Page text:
|Ph.D Student||Binenbaum Yoav|
|Subject||Exosomes Secreted by Macrophages Facilitate Chemotherapy|
Resistance in Pancreatic Ductal Adenocarcinoma
|Department||Department of Medicine||Supervisor||Professor Ziv Gil|
|Full Thesis text|
Despite years or research, cure rates of Pancreatic Ductal Adenocarcinoma (PDAC) are disappointingly low, with 5-year survival rate that approximates a mere 5%. This dismal prognosis stems mainly from late detection of the disease and chemotherapy resistance. Gemcitabine, the drug of choice for the treatment of PDAC, is a cytidine analog that acts to inhibit cell growth by termination of DNA replication. Our group has previously demonstrated that tumor associated macrophages (TAMs), which are abundant in PDAC stroma, cause gemcitabine resistance by inducing expression of cytidine deaminase (CDA), the enzyme that metabolizes gemcitabine to its inactive form. The present thesis shows that TAMs communicate gemcitabine resistance to by secretion of exosomes, which are internalized by the PDAC cell. Macrophage-derived-exosomes (MDEs) were significantly enriched in PDAC cells relatively to their stromal companions, indicating selective affinity of exosomes towards cancer cells. Mice lacking exosomal secretion due to mutations in Rab27 a/b genes responded significantly better to gemcitabine than did wildtype mice and had lower intra-tumoral CDA expression.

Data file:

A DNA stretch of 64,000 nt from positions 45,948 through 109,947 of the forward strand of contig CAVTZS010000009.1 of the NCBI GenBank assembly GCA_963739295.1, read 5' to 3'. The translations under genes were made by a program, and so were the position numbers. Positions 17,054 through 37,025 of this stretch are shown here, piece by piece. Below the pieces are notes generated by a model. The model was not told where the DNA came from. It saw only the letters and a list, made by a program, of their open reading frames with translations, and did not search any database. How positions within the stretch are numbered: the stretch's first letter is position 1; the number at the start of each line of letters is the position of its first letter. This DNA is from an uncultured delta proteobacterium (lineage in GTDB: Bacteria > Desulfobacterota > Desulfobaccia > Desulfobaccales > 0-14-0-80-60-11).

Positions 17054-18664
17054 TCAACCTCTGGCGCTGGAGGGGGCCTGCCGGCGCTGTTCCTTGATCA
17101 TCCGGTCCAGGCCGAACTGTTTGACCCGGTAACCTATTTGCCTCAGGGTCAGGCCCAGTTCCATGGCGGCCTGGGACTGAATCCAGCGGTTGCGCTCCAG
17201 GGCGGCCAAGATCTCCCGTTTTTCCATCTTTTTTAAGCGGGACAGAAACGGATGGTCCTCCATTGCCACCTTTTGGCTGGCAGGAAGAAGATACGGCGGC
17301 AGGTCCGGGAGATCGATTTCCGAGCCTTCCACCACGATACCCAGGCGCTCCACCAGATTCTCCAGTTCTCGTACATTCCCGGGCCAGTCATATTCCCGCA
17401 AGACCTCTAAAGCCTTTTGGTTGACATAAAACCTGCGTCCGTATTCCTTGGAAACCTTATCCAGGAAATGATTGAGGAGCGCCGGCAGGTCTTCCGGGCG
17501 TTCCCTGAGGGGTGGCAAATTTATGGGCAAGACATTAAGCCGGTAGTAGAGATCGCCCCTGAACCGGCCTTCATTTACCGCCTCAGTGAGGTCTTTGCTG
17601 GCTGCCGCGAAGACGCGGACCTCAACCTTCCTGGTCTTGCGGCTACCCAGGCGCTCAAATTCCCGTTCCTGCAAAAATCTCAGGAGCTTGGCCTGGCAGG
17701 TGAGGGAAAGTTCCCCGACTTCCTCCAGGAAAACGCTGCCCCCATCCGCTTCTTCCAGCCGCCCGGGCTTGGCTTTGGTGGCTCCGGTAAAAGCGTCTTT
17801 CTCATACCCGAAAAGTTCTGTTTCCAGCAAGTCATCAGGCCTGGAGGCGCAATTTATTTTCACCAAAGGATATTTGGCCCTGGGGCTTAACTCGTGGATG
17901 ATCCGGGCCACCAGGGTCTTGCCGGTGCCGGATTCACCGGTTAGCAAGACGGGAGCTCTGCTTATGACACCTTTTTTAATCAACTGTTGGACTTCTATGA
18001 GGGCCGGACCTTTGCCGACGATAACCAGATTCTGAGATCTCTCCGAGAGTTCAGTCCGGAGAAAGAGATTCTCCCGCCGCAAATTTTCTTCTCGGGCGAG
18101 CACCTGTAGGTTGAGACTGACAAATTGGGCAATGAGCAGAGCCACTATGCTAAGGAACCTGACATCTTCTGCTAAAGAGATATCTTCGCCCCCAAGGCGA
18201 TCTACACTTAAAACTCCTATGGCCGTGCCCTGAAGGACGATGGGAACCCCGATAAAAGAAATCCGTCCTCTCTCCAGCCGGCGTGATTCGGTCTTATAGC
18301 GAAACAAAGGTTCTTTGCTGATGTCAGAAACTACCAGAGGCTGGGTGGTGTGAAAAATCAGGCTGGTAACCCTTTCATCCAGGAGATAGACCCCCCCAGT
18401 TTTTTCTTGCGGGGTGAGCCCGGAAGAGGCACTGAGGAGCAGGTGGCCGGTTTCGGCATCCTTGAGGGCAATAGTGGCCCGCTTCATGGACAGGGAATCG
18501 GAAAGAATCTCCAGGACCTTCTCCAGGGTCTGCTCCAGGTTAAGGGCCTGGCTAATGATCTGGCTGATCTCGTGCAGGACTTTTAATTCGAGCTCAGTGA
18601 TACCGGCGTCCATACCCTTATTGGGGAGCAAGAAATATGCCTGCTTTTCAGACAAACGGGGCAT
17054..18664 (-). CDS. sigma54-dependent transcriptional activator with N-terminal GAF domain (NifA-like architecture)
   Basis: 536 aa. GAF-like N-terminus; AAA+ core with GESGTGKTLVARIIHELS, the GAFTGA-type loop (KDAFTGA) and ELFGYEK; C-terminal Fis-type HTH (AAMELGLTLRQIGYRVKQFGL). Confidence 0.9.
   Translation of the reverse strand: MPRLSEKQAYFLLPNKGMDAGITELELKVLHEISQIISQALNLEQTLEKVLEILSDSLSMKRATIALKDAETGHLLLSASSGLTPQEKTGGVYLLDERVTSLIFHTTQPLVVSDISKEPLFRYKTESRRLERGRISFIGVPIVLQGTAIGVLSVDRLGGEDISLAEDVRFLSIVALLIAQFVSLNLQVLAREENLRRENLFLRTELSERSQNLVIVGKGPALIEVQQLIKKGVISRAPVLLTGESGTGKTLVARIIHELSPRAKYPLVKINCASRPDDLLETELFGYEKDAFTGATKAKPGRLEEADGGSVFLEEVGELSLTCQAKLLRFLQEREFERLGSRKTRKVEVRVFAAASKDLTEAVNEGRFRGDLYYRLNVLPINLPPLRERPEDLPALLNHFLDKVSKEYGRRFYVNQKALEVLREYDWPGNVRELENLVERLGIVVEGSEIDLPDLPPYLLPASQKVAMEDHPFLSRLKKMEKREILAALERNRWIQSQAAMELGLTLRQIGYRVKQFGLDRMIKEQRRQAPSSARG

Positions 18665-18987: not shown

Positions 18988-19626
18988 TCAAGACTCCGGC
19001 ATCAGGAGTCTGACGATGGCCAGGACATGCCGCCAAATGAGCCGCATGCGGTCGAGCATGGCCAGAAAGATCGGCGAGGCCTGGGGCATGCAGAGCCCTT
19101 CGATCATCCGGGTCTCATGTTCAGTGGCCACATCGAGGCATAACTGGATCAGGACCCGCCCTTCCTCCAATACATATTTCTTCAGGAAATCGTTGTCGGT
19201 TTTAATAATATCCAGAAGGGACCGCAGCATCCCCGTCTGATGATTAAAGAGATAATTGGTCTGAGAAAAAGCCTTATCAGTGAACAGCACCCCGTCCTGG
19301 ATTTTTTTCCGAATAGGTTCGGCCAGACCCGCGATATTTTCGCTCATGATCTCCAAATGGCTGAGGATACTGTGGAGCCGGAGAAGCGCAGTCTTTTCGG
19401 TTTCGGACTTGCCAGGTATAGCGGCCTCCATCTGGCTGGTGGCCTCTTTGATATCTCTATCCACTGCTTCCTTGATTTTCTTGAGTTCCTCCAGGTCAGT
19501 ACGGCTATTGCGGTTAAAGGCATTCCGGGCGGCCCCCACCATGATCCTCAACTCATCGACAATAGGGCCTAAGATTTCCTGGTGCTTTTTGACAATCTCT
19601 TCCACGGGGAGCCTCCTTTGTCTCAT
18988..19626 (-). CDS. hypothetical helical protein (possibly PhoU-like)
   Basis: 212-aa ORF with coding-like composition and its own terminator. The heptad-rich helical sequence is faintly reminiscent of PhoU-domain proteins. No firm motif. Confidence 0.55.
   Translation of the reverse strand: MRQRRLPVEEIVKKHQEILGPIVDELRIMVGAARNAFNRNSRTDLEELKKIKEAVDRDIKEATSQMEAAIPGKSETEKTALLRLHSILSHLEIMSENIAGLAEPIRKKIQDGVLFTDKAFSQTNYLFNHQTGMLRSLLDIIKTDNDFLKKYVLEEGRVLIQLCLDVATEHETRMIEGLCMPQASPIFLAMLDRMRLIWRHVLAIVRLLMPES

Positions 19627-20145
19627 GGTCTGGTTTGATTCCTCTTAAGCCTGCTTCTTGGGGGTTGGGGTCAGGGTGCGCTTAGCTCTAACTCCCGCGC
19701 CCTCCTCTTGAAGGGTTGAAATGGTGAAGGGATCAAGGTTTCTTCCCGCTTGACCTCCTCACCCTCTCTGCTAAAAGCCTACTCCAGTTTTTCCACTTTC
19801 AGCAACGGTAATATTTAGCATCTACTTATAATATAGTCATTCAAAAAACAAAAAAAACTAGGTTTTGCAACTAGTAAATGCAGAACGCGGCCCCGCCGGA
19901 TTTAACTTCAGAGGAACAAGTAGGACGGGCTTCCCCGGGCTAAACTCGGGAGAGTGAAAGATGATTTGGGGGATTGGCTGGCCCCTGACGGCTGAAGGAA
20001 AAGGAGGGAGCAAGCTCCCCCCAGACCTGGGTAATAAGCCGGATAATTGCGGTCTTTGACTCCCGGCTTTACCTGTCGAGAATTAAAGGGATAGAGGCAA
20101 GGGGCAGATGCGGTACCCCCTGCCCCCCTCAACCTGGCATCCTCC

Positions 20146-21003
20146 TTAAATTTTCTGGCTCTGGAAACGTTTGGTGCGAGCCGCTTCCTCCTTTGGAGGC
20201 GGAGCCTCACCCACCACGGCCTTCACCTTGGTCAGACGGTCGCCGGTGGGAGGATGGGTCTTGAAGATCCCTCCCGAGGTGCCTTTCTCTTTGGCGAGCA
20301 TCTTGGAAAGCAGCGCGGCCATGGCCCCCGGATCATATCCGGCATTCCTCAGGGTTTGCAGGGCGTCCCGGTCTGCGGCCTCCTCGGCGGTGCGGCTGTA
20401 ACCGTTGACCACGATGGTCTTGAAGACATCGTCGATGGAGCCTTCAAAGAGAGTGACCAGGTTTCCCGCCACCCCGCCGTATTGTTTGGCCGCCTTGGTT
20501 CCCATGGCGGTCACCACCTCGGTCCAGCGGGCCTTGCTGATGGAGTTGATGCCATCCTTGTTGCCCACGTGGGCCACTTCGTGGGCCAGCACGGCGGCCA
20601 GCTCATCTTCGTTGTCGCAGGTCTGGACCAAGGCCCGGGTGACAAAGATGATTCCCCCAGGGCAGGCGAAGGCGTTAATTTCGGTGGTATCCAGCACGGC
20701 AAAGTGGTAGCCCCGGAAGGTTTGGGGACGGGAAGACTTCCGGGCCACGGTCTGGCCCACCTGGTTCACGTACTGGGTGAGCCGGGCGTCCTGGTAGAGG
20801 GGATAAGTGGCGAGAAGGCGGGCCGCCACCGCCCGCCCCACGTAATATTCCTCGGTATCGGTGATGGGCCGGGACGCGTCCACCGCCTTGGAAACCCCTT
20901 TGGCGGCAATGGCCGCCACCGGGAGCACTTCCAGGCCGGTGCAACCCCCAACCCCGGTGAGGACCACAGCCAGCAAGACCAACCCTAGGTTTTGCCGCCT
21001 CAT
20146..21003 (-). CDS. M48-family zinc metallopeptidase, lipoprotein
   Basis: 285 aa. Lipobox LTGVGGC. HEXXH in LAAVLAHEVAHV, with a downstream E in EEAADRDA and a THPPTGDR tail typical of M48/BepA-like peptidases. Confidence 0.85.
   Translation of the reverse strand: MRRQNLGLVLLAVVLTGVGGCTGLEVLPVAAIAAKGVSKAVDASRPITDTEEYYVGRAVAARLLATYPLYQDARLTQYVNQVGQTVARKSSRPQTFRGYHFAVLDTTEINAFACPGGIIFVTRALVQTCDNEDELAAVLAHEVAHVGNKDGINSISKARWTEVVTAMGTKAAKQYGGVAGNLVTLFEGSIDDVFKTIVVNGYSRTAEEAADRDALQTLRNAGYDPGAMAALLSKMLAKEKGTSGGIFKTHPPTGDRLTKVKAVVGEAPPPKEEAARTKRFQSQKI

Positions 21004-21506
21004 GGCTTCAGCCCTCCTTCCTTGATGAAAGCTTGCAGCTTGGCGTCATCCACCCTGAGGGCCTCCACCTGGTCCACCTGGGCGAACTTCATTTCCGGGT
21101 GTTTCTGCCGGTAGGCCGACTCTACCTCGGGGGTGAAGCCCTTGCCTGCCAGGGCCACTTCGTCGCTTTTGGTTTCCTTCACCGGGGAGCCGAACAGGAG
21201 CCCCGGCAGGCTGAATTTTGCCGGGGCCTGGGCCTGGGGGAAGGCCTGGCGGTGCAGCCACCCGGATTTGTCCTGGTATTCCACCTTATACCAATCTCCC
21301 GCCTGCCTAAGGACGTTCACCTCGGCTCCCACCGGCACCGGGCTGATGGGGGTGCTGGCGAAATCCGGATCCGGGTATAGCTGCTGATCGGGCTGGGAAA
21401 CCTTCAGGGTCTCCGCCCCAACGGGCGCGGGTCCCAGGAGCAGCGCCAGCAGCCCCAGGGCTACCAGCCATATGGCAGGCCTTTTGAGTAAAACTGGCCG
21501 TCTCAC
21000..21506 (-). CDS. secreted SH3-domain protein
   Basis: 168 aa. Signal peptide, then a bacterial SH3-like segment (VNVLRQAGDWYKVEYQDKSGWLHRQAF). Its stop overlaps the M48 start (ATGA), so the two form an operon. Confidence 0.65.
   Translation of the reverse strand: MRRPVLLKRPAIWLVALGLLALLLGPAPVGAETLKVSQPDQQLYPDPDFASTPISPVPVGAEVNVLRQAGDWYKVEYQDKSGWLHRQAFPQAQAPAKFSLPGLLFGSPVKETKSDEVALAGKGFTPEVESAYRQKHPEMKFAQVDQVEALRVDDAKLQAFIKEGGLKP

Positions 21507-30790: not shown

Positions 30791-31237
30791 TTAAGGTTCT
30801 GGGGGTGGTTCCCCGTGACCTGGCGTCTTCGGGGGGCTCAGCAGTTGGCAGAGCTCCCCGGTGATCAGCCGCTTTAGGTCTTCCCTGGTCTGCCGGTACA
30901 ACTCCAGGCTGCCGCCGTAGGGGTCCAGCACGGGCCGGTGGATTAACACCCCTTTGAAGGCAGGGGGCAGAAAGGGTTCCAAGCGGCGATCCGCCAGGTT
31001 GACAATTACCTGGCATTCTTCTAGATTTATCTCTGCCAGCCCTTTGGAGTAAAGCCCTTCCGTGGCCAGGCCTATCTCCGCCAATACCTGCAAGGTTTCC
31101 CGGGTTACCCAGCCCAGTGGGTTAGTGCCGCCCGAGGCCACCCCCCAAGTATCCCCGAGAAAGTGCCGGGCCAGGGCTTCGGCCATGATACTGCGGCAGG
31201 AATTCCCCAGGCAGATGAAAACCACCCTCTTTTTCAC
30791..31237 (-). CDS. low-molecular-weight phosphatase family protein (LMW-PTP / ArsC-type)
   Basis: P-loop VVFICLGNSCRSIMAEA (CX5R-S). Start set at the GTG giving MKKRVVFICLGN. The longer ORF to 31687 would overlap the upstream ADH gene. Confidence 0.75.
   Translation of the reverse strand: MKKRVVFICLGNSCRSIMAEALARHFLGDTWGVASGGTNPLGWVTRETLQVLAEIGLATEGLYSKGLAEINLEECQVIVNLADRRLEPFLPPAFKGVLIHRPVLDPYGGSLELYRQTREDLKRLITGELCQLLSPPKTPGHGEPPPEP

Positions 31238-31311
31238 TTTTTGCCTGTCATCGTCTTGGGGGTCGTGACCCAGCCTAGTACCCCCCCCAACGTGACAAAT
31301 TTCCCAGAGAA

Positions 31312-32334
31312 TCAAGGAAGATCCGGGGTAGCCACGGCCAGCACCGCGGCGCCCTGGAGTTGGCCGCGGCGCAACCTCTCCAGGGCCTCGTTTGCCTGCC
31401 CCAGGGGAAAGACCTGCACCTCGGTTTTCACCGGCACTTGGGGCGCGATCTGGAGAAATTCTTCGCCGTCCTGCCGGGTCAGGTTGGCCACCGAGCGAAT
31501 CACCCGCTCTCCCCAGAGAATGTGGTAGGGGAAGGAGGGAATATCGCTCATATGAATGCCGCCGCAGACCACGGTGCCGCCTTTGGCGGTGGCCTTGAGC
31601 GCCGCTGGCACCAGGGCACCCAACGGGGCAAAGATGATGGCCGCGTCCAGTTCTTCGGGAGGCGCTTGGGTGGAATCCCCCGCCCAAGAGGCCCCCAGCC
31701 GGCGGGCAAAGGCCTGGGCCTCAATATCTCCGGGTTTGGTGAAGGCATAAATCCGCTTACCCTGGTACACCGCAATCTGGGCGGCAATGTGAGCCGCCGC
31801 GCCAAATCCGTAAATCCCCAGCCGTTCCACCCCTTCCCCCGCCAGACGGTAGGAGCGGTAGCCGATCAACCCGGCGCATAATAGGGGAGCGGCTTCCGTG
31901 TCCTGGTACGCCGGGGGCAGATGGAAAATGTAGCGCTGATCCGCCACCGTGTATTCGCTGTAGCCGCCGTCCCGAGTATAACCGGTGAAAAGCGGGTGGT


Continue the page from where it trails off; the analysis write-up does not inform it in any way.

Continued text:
Analysis of MDE
content suggested that shuttling of deoxycytidine and miR-365 by exosomes was responsible
for CDA induction and gemcitabine resistance. miR-365 increased the tri-phospho-nucleotide
pool in cancer cells, inducing CDA's expression and hastening the excretion of
chemotherapy out of the cell. To overcome drug resistance, adoptive transfer of
macrophages loaded with miR-365 antagonist was performed, which lowered CDA
expression and translated to better response to chemotherapy and overall survival.
These results identify macrophage-derived-exosomes as key regulators of gemcitabine resistance in pancreatic cancer, facilitating the transfer of miR-365 and rewiring of the intracellular drug metabolism.